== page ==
By virtue of the fact that a reclamation district is simply an arm or agency of the state, all property owned by the district, as stated in the case of People ex rel. v. Sacramento Drainage District, 155 Cal. 373, 103 P. 207, is considered as property of the state. This, however, does not include lands in the ownership of private individuals situate within the boundaries of the district, nor does it change the trust character of the title taken by the county treasurer when lands are bought in by the county treasurer on the failure of others to bid therefor upon default in payment of installment calls. The state does not become the owner of the property as that term is usually understood. The property is taken in a trust capacity, and the agency created by the state is just as much bound by the law relating to trusteeships as a private individual would be, the purpose in both cases being the taking of the title for the purposes of executing the trust according to any contract that may have previously been executed. For this reason the statement in Reclamation District No. 70 v. Birks, 159 Cal. 233, 113 P. 170, which is in substance as follows: That the state has a right to sell its property, acquired through delinquent assessment sales, for a price which will satisfy in full all purported trusts in favor of the bondholders of the district, is not applicable to the lands held in trust where the proceeds received therefrom are directed to be applied to a particular purpose.
The distinction must also be kept in mind, as we have pointed out, between property owned by the district, as was true in the Birks Case, and lands held in a specified trust capacity. This distinction would necessarily have to be kept in view in considering the right of the state to remit penalties and forfeitures, and providing for redemption from sales without their payment, if that question were really before us for consideration.
In support of the petitioner's contention that penalties, interest, costs, etc., are no part of the assessment, and no part of the funds which are required to be used in the payment of bonds or accrued interest coupons, even though the Code provisions are that such items are to be credited to the bond fund, the cases of State ex rel. Dowling v. Butts, 111 Fla. 630, 149 So. 746, 89 A. L. R. 946, and Jones v. Williams, 121 Tex. 94, 45 S.W.(2d) 130, 79 A. L. R. 983, are cited. On first impression these cases were considered as controlling. A further consideration leads to the conclusion that both cases are inapplicable to the questions tendered for our consideration.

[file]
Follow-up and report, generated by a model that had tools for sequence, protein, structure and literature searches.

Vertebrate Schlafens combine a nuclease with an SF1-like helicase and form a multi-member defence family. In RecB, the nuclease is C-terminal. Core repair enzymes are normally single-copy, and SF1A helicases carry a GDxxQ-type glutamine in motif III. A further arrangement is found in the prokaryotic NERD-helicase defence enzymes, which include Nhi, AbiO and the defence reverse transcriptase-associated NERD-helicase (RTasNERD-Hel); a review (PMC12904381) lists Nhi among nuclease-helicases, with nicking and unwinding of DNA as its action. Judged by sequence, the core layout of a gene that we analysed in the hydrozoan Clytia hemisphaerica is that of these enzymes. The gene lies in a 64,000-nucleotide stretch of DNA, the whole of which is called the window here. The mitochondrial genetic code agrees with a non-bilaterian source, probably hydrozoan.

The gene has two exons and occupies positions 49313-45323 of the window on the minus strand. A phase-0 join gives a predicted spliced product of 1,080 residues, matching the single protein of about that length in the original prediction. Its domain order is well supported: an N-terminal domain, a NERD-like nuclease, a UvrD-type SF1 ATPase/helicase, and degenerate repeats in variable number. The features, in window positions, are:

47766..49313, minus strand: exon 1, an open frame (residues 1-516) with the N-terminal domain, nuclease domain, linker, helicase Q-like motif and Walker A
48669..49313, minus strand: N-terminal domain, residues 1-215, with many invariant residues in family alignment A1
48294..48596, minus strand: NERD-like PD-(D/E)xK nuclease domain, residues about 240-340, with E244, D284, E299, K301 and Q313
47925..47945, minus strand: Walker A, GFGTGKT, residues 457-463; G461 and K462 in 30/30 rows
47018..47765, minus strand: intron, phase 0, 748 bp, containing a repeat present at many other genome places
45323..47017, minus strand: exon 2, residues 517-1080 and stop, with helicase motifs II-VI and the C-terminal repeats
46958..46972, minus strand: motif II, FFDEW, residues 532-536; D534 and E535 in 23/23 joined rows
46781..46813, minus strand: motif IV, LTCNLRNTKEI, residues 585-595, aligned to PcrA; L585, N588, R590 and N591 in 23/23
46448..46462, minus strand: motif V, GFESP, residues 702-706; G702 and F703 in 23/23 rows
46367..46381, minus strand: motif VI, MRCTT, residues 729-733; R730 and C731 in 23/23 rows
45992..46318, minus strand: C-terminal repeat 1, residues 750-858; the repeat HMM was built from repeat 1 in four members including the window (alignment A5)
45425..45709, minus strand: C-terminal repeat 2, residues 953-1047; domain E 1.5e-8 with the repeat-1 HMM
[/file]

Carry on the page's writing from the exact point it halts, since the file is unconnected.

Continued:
In the Dowling Case the questions tendered for consideration are succinctly stated in two paragraphs of the syllabi, to wit: “Statutes designed to facilitate adjustment and settlement of delinquent taxes through reasonable additional extensions, reductions, and privileges, and to encourage or facilitate the redemption of lands covered by tax sales certificates held by the state after the initial redemption period has expired, upon condition that current and future taxes on the same land shall be assessed and duly paid, do not violate a constitutional requirement of uniform and equal rates of ad valorem taxation upon just valuations of all taxable property. A statute permitting bonds, and their matured interest coupons, of a county or taxing district thereunder, to be used in redeeming land sold to the state for unpaid taxes of certain years after the expiration of the original redemption period, does not deny the equal protection of the laws to taxpayers or creditors of counties or taxing districts.” No question of the sale of lands after a deed had been executed conveying title appears to have been involved in that case. The privileges covered by the statute related to the extension of time for the redemption of lands where tax certificates had been issued and the period of redemption had expired.
No attempt appears to have been made by the statutes considered in the Dowling Case to extend an exclusive privilege to any individual or class of individuals, to buy property held in trust, the title to which had become vested in any district or arm of the state.